tip off
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Did Qantas fraudulently sell tickets on 29 October?

According to Qantas CEO Alan Joyce, the airline’s board made its decision to ground the fleet on the morning of Saturday, 29 October and put it into effect at 5 pm eastern summer time that day.

But between that decision and its execution, together with the summary termination of the travel plans of tens of thousands of customers, Qantas continued to sell tickets, probably in their thousands.

The situation already admitted by Joyce is that the airline wilfully took money from customers from goods and services it knew it could not provide because it had already decided to cancel those flights.

This is a serious offence under Australian law carrying a penalty of up to $1.1 million per transaction.

For an airline already familiar with the consequences of conspiring with other airlines to rob its customers by participating in an air freight cartel, Qantas can’t plead ignorance of the law.

What appears to be premeditated and widespread abuse of its unsuspecting passengers is under investigation by the ACCC.

The credit for bringing this situation to public attention goes to Elizabeth Knight in this morning’s Fairfax press.

It should also be kept in mind that criminal conduct can raise the question of the fitness of the persons involved to be involved in the management of an airline in the assessment of CASA.

The use of unsuspecting customers as a blunt instrument to score an industrial relations advantage is already an act that will keep Qantas paying and paying for may months as it is forced to meet its  obligations to fully compensate its victims.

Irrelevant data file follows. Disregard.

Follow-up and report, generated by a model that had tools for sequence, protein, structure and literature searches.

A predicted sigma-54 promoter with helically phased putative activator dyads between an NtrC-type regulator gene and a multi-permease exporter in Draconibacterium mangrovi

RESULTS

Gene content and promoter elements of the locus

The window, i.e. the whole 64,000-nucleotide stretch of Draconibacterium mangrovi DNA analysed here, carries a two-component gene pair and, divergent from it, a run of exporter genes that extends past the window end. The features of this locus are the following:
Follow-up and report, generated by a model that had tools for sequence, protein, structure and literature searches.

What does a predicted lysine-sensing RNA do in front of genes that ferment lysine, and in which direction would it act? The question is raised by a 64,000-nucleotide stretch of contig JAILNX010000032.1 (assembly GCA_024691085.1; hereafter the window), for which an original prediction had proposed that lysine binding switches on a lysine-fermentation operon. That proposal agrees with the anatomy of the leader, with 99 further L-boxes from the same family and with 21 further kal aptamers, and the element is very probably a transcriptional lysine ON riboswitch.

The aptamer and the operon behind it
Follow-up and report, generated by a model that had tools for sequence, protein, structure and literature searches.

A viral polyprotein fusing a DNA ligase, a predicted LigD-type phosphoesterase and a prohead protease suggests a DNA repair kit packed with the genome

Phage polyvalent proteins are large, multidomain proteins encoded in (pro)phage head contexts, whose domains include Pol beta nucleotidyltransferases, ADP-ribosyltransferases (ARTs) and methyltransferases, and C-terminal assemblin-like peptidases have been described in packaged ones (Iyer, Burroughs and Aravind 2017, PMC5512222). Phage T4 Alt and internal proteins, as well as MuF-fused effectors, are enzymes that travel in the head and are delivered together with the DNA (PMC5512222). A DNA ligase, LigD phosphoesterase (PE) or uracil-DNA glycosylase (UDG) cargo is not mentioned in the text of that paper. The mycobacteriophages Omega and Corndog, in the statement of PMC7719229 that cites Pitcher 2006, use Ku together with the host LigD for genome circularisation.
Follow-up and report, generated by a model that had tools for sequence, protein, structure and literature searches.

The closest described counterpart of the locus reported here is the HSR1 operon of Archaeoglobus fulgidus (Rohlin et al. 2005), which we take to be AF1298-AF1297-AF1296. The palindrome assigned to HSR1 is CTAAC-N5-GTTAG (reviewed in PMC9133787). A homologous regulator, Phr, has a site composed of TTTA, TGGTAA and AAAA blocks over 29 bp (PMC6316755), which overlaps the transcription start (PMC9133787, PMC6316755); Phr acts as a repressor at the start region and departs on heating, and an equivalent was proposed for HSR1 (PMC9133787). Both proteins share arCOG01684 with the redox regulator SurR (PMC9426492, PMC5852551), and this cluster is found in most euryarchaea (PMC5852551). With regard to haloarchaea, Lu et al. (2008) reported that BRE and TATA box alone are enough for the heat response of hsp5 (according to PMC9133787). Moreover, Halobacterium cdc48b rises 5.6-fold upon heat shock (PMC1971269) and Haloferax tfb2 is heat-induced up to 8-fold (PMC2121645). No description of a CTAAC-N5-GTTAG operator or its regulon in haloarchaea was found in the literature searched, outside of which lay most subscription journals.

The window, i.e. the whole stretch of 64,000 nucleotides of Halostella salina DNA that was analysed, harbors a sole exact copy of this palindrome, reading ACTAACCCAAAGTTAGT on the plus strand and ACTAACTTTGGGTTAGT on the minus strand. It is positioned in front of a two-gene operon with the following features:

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  • 1
    LongTimeObserver
    Posted November 4, 2011 at 8:26 am | Permalink

    Could “lack of a compliance disposition” place Alan Joyce in Lifetime-Ban League, with Francisco Lorenzo?

  • 2
    RossM
    Posted November 4, 2011 at 8:41 am | Permalink

    Was wondering if this was going to be brought up, they would have sold thousands of seats for flights on Sunday, Monday Tuesday on a Saturday morning. Is their not also a CAR or CAO rule (looking through the regs to find) about selling tickets on flights that will not depart?

  • 3
    Brizben
    Posted November 4, 2011 at 8:56 am | Permalink

    Do you think the allegations raised by Nick Xenophon should also be investigated?
    http://www.theaustralian.com.au/news/breaking-news/xenophon-attacks-qantas-management/story-fn3dxity-1226120794255

  • 4
    Ben Sandilands
    Posted November 4, 2011 at 9:15 am | Permalink

    Yes

  • 5
    Posted November 4, 2011 at 10:10 am | Permalink

    Joyce answering questions on this in Estimates right now.

  • 6
    David Klein
    Posted November 4, 2011 at 11:55 am | Permalink

    RossM

    The only CASA legislation that is related to advertising airline ticket sales is CAR 210, which states:

    CIVIL AVIATION REGULATIONS 1988 – REG 210
    Restriction of advertising of commercial operations
    (1) A person must not give a public notice, by newspaper advertisement, broadcast statement or any other means of public announcement, to the effect that a person is willing to undertake by use of an Australian aircraft any commercial operations if the last-mentioned person has not obtained an Air Operator’s Certificate authorising the conduct of those operations.

    The mandatory requirement is to have a valid AOC for the commercial operation and Qantas, unlike Tiger when it’s AOC was supended by CASA, still would have met the regulation after grounding it’s fleet.

  • 7
    H. Allen
    Posted November 7, 2011 at 8:58 pm | Permalink

    One wonders if knowingly loading people and their baggage onto an aircraft then driving them arround the airport in an aircraft that management knew was never going to leave the ground is also commiting an offence, deprevation of liberty, detention under faulse pretence. kidnapping etc.
    It would be a sure bet if this crap was done in the USA there would be a massive class action.
    H.

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